As a home seller, it is important to do everything possible to ensure your residence makes a positive impression on buyers. Because if your residence fails to impress buyers during a showing or open house, your home may linger on the real estate market for an extended period of time.
Ultimately, there are lots of things you can do to ensure buyers feel good after they view your residence, such as:
1. Bolster Your Home's Curb Appeal
When buyers view your home for the first time, you likely want them to fall in love with your residence. If you allocate time and resources to enhance your house's curb appeal, you may make it simple for buyers to see your residence's full potential and envision what life could be like if they purchase your home.
To upgrade your home's curb appeal, you should perform lawn care tasks like mowing the lawn and trimming the hedges. You also should repair any cracked or chipped home siding, as well as correct any other property exterior issues that could negatively affect a buyer's perception of your house.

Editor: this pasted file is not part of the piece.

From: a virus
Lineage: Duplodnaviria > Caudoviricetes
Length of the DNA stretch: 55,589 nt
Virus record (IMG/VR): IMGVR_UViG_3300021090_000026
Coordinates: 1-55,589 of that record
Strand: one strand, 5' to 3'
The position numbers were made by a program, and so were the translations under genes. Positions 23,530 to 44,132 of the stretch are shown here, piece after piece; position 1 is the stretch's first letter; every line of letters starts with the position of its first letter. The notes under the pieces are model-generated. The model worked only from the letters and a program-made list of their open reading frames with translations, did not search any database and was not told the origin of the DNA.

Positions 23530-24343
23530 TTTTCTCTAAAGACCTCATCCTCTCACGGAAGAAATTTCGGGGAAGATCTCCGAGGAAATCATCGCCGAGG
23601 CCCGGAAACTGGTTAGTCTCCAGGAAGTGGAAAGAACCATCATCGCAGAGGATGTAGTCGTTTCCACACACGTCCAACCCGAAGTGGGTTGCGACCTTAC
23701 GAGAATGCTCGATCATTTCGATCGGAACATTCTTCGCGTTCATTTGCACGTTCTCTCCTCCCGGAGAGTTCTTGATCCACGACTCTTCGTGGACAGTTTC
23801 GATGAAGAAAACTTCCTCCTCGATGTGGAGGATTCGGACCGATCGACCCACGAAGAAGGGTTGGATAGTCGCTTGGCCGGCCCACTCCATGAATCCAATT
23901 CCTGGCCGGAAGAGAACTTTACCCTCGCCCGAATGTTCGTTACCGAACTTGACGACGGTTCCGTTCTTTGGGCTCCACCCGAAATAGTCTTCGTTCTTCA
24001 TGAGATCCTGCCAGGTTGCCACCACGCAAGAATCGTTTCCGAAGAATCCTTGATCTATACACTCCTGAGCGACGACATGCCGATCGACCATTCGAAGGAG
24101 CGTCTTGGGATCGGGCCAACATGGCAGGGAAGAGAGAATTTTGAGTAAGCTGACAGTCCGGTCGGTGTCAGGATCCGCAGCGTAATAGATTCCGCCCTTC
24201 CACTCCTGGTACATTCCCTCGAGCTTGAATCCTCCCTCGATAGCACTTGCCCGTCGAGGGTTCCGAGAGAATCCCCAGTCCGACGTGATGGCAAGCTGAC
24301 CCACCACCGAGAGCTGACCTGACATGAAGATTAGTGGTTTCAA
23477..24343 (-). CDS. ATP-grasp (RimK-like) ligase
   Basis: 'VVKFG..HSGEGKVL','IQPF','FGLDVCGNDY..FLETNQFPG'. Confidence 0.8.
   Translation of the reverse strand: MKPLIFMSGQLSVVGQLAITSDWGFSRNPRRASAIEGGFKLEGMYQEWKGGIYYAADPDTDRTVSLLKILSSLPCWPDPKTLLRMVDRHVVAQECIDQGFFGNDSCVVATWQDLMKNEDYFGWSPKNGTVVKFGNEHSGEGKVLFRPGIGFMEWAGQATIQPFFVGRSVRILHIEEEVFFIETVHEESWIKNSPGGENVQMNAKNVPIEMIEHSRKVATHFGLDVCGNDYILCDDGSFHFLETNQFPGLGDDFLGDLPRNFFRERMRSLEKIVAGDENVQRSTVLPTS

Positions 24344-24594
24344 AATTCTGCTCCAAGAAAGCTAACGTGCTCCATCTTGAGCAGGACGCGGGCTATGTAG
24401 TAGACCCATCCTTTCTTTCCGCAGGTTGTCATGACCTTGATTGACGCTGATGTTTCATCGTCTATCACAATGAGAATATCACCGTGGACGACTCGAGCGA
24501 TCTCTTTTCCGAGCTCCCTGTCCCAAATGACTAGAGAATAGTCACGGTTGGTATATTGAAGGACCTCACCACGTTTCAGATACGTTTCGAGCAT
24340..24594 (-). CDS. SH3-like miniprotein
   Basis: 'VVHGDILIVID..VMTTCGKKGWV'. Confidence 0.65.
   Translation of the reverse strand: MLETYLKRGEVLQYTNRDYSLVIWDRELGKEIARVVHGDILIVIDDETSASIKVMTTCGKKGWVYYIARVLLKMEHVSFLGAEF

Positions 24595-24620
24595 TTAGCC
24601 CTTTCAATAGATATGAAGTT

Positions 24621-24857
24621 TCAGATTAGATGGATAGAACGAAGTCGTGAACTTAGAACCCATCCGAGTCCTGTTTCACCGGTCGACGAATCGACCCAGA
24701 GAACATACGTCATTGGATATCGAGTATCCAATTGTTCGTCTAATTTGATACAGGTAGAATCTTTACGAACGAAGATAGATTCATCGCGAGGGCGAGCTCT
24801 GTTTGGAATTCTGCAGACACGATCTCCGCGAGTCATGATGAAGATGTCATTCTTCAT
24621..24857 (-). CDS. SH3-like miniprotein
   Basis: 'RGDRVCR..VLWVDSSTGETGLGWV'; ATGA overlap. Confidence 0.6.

2. Remove Clutter
Clutter is a problem that may make it tough for buyers to picture a future in your home. If you have excess items scattered around your home, there may be no time like the present to get rid of these items.
To eliminate clutter, you may want to host a yard sale or list excess items online. In addition, you can always donate any items you no longer need to a local charity or give them to family members or friends.
3. Clean Each Room of Your Home
For homebuyers, nothing beats a pristine, tidy home interior. If you clean each room of your house from top to bottom, you can help your home's interior make an unforgettable impression on buyers.
Taking a room-by-room approach to home cleaning may be ideal. Furthermore, if you need extra assistance, you can hire a professional home cleaning company.
Of course, if you are searching for ways to streamline the home selling journey, you may want to hire a real estate agent as well. A real estate agent is happy to teach you the ins and outs of selling a house and ensure you can maximize your home sale earnings.
A real estate agent can guide you along each stage of the home selling journey. First, he or she will learn about you and your home selling goals. A real estate agent next will help you list your residence and promote your home to dozens of prospective buyers. Finally, if you receive an offer to purchase your home, a real estate agent will help you determine whether to accept, reject or counter this proposal.
Clearly, there is no shortage of options to upgrade your residence and ensure it garners buyers' attention. If you take advantage of the aforementioned tips, you could simultaneously help your house stand out to buyers and speed up the home selling cycle.